When San Francisco-based Ideas Event Decor & Production opted not to bid on the San Francisco Ballet's 2008 opening night gala — an event the company had designed for the past two years — company founder J. Riccardo Benavides knew he was taking a risk. “From a business perspective, it's a scary approach,” he admits. Instead, the company put all its energy into a bid for the ballet's high-profile opening night dinner celebrating its 75th anniversary “New Works” festival. Fortunately for Ideas, the risk paid off. After winning over the ballet committee with its creative “ice as diamonds” design, the company executed a truly cool affair.
With San Francisco society stalwarts backing the ballet — “These women really know their stuff,” says Ideas marketing director Jennie Allen — the event firm knew it had to stay in step.
First, the event team presented its proposal at San Francisco's sumptuous St. Regis Hotel rather than in a standard office setting. More importantly, Ideas impressed the volunteer planners with a concept that “combined old and new,” Allen says. “It was incredibly forward-looking but also recognized that ballet was founded in traditions of the past.” The key element was ice, representative of the diamonds associated with a 75th anniversary and, thematically, of the suspension — the “freezing” — in time of a momentous event.
The design team started with the event's entranceway tent. Though designers originally “toyed with the idea of actually creating the entranceway out of ice,” Allen says, concerns about meltwater dripping on guests' fancy clothes led to an alternative: specially treated plexiglass “ice” with the San Francisco Ballet's new branding images etched into its slick surface.
Past the entry, a foyer-like space featured three oversize ice sculptures, each standing more than 8 feet tall. Suspended in the glistening ice were diaphanous ballet costumes. The result: an impression of the “incredibly feminine elements” of classical ballet with the “hard, contemporary edge” of new dance works, Allen notes.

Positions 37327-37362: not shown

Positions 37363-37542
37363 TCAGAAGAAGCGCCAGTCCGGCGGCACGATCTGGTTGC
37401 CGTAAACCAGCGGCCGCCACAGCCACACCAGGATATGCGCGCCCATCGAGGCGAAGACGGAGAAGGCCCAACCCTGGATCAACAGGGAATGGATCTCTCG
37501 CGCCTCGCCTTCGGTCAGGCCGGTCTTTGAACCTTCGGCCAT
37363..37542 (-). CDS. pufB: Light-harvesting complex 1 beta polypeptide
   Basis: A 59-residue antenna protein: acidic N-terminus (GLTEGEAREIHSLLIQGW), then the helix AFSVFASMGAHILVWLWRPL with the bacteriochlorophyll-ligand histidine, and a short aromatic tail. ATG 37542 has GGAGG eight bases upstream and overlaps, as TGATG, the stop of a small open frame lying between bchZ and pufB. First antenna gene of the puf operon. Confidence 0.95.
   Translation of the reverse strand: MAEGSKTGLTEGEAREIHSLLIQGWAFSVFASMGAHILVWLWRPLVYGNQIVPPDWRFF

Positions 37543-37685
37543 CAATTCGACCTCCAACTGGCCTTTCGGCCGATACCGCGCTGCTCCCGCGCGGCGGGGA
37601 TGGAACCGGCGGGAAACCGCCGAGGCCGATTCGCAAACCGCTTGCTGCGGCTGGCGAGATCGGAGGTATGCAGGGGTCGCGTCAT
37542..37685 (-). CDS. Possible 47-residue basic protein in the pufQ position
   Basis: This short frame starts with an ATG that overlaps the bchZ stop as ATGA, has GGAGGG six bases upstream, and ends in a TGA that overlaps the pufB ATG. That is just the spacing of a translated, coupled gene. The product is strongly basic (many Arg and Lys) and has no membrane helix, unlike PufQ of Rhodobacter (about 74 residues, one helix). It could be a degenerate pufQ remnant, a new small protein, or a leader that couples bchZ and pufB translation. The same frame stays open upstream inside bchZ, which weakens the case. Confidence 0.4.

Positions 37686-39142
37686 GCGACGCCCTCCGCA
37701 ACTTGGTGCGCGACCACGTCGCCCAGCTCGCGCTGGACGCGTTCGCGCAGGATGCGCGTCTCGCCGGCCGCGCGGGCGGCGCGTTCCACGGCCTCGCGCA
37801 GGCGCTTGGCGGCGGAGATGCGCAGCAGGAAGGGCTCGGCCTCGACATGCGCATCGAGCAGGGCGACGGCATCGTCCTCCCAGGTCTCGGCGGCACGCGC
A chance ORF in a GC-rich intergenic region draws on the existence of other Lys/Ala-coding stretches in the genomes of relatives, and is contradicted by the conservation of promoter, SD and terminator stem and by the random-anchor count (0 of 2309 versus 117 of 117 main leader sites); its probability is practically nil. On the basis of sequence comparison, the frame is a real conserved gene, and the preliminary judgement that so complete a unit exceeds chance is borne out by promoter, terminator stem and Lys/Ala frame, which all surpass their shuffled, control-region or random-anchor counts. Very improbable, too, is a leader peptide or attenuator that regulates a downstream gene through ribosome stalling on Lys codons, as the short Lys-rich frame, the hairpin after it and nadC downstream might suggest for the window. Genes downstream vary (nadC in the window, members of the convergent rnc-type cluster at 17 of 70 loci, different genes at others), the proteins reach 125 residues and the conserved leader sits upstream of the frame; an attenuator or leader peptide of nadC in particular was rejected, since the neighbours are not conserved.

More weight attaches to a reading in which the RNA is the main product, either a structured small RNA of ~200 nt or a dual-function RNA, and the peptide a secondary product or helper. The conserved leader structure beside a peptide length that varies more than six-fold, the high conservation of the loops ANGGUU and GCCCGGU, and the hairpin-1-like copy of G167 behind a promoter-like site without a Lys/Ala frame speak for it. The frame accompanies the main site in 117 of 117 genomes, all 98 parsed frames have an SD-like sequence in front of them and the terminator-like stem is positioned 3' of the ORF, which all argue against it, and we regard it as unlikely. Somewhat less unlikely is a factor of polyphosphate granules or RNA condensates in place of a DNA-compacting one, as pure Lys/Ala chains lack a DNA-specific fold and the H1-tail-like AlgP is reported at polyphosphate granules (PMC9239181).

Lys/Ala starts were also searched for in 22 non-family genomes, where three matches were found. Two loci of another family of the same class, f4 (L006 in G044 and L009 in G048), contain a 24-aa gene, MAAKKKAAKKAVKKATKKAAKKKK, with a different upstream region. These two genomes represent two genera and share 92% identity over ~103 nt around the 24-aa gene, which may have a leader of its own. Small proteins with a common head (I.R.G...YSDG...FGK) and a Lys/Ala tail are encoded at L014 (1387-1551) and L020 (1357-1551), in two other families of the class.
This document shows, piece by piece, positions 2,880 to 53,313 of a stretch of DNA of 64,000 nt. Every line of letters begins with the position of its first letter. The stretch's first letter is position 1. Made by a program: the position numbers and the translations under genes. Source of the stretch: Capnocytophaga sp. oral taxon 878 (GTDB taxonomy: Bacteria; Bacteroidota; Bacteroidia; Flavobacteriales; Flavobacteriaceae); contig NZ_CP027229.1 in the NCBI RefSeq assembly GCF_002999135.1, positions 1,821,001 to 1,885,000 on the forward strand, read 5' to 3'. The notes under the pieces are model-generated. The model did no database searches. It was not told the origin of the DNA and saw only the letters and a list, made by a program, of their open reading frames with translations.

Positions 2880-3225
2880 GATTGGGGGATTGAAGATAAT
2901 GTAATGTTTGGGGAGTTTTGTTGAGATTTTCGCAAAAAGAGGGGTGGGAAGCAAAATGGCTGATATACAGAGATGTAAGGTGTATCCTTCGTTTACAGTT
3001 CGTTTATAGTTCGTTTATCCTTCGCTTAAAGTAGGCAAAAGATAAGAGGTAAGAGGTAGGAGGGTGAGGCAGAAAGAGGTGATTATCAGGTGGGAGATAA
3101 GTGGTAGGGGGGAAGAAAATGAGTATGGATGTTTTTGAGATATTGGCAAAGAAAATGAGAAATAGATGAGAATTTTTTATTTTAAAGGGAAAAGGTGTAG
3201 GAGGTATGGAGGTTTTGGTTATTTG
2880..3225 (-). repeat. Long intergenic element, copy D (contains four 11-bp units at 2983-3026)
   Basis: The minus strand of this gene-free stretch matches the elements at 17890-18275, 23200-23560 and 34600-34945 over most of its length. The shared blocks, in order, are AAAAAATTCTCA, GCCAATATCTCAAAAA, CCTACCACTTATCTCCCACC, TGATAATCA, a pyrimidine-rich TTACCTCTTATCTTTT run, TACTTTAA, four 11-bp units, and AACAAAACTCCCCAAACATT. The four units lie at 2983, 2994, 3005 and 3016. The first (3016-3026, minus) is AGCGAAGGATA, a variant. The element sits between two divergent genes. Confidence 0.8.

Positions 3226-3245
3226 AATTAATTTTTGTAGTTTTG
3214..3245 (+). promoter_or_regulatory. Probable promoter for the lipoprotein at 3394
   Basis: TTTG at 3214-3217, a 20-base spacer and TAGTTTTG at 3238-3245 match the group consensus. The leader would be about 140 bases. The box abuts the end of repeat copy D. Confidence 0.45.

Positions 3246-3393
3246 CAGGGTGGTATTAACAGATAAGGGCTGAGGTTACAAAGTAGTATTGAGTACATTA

Circling the entire tent interior, a wall treatment constructed of stretched scrim stood 2 feet away from the wall and “basically duplicated the tent wall,” Benavides explains. He designed the faux wall to create the feel of a gallery interior, rather than a pliable fabric tent, and to screen crystal-clear projections of San Francisco Ballet dancers in action.
While complex to execute — for example, exit doors had to be scrimmed individually to create an illusion of uniformity while maintaining safety standards — the result was a “very streamlined look,” Benavides says.
The dining table design stood out as one of the evening's stars. The design team “felt strongly about not using linen” in keeping with the evening's icy aesthetic, Allen says, opting instead for glass-top, internally lit tables. One set of centerpieces displayed lifelike silk calla lilies frozen in ice, deftly avoiding the risk of real petals turning brown in the water. Another arrangement featured glass pillars with a pas de deux of submerged white orchids mixed with sculptural wire. Instead of votives, all tables featured LED lights sunk in ice-like gel cubes.
Rather than fight the inevitable heat generated inside the tent by the more than 800 guests dining on lamb noisettes and fingerling potatoes from San Francisco-based McCall Associates, the Ideas team used the warmth to its advantage. “The melting of the ice was more a design feature,” Allen says. Custom receptacles at the base of each centerpiece caught the drips in style. “While the wall projections were changing, the ice was also melting and changing forms, just like ballet,” she adds.
Benavides is the first to admit that the event was one of the most daunting propositions Ideas has faced. “When we interviewed for the job, I was really nervous. My palms were sweating,” he recounts. Allen adds: “We were proposing some incredibly complex concepts, and thinking, ‘How are we going to make this happen?’” Yet at the end, “It really ended up going above and beyond what we had proposed,” she says. “The room was far more spectacular than what was in the renderings.”
Allen credits success to taking a hands-off approach where needed. “The best events come from a collaborative process,” she explains. From the event's volunteer committee to the San Francisco Ballet's Julia Nottebohm, who handled logistics, to the organization's internal staff and the event's vendors, “We let people do what they're best at.”
TOO, TOO DELICIOUS
Crab Marquise with Green Papaya and White Asparagus
Lamb Noisettes with Fingerling Potatoes, Baby Zucchini, Snap Peas and Turnips, topped with Wild Mushrooms
Warm Rhubarb and Strawberry Crumble
DESIGN & PRODUCTION
Ideas Event Decor & Production
LIGHTING, PROJECTION & AUDIO
The Stuart Rental Co.